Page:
Until now, the only surefire way to lower your risk of pancreatic cancer was to stop smoking and maintain a healthy weight. But adding a little extra vitamin D to your diet may help as well, according to a study published in Cancer Epidemiology Biomarkers and Prevention.
Pancreatic cancer is rare, but when it does strike, it is difficult to treat successfully. Approximately 33,000 people in the United States will be diagnosed with pancreatic cancer this year, and only about 1,000 will survive this rapidly-spreading disease.
Ninety percent of those diagnosed with pancreatic cancer are age 55 and older, and it is more common in men than in women. Some diseases, such as chronic pancreatitis and diabetes may also increase one's risk, as well as exposure to certain chemical, such as pesticides or dyes.
Previous studies have found a possible link between processed meats, like bacon and sausage, and pancreatic cancer, but few studies have found any evidence of foods that help to reduce one's risk.
Vitamin D intake has been shown to reduce the risk of colon, breast and prostate cancer. So, researchers from Northwestern University in Chicago decided to find out if it also helps reduce the risk of developing prostate cancer.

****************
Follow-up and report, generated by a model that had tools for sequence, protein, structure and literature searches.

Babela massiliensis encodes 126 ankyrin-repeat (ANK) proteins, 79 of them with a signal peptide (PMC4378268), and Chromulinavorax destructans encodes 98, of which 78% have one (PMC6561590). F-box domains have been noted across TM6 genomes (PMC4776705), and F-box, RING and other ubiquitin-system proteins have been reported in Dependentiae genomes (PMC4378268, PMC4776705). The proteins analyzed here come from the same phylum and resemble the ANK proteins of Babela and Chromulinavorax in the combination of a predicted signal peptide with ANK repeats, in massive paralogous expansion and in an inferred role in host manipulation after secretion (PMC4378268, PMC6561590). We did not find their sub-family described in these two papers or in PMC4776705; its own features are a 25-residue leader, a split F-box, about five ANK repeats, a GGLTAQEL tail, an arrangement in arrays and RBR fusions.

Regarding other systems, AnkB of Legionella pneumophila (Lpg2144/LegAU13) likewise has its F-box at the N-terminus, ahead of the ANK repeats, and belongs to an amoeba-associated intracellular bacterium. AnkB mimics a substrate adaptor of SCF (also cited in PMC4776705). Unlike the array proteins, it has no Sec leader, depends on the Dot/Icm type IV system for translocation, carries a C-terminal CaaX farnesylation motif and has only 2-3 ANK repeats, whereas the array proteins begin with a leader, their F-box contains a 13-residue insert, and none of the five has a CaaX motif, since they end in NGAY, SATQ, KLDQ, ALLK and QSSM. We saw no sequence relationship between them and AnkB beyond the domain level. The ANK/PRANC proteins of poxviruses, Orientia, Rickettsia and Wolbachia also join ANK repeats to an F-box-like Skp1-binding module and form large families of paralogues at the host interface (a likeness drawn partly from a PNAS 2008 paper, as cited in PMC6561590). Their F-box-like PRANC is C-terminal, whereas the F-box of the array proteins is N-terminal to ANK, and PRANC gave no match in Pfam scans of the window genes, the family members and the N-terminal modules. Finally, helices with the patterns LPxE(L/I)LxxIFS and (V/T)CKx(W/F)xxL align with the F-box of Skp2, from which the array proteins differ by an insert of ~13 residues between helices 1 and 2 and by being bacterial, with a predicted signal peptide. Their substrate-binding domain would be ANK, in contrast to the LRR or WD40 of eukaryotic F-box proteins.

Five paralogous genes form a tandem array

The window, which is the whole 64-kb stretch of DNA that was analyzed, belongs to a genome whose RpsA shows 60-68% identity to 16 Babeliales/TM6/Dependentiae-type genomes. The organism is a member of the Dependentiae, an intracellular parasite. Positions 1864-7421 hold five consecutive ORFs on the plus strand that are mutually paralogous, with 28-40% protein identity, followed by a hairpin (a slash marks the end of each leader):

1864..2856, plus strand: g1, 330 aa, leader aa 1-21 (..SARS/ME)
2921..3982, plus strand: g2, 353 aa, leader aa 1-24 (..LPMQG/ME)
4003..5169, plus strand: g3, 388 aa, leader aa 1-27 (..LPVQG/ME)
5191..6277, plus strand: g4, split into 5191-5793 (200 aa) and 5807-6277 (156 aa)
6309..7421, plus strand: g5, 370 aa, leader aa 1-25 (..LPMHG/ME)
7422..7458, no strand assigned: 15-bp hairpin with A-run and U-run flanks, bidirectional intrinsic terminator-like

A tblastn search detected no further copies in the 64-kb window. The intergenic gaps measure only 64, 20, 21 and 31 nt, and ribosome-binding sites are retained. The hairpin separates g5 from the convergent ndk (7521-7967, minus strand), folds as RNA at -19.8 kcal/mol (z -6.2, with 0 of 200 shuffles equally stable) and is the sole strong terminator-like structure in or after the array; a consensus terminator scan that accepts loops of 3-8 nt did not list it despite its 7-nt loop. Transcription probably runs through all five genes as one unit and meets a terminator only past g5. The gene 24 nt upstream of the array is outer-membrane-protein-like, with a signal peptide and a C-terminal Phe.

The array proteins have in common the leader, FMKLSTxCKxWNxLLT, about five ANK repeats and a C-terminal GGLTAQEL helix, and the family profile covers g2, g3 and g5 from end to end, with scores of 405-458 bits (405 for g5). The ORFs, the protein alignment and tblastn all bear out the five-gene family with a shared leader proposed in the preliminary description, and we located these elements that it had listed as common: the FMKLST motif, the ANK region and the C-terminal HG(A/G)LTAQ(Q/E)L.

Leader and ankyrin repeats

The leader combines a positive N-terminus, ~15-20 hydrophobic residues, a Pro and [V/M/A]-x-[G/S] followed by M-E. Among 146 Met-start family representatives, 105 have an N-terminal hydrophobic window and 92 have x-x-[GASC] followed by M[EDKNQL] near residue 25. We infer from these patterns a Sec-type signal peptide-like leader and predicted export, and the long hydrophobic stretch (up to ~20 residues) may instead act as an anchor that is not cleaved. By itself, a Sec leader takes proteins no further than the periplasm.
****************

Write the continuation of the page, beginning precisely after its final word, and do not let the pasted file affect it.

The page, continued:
"Vitamin D exhibits potent anti-tumor effects in many tissues," wrote Dr. Halcyon Skinner and colleagues.
The researchers tracked over 23,000 men and women between the ages of 38 and 75 for 16 years, monitoring their diet and any cases of pancreatic cancer. Over the course of the study, 365 participants developed the disease.
Looking closely at vitamin D intake, the researchers noted that those participants who consumed the lowest amount of vitamin D, either through diet or supplements, had the greatest risk of developing the disease. Those participants who consumed the recommended daily dose or more of this vitamin, on the other hand, had a significantly lower chance of developing pancreatic cancer.
"Our results point to a potential role for vitamin D in the…prevention of pancreatic cancer," wrote Skinner.
The FDA recommends that a healthy adult consume 400 international units (IU) of vitamin D, which can be found in fortified dairy products, fatty fish (like salmon or sardines) and eggs.
However, the majority of the study participants who consumed the recommended dose of vitamin D took vitamin supplements, so it is unclear as to whether consuming foods with this substance is equally effective.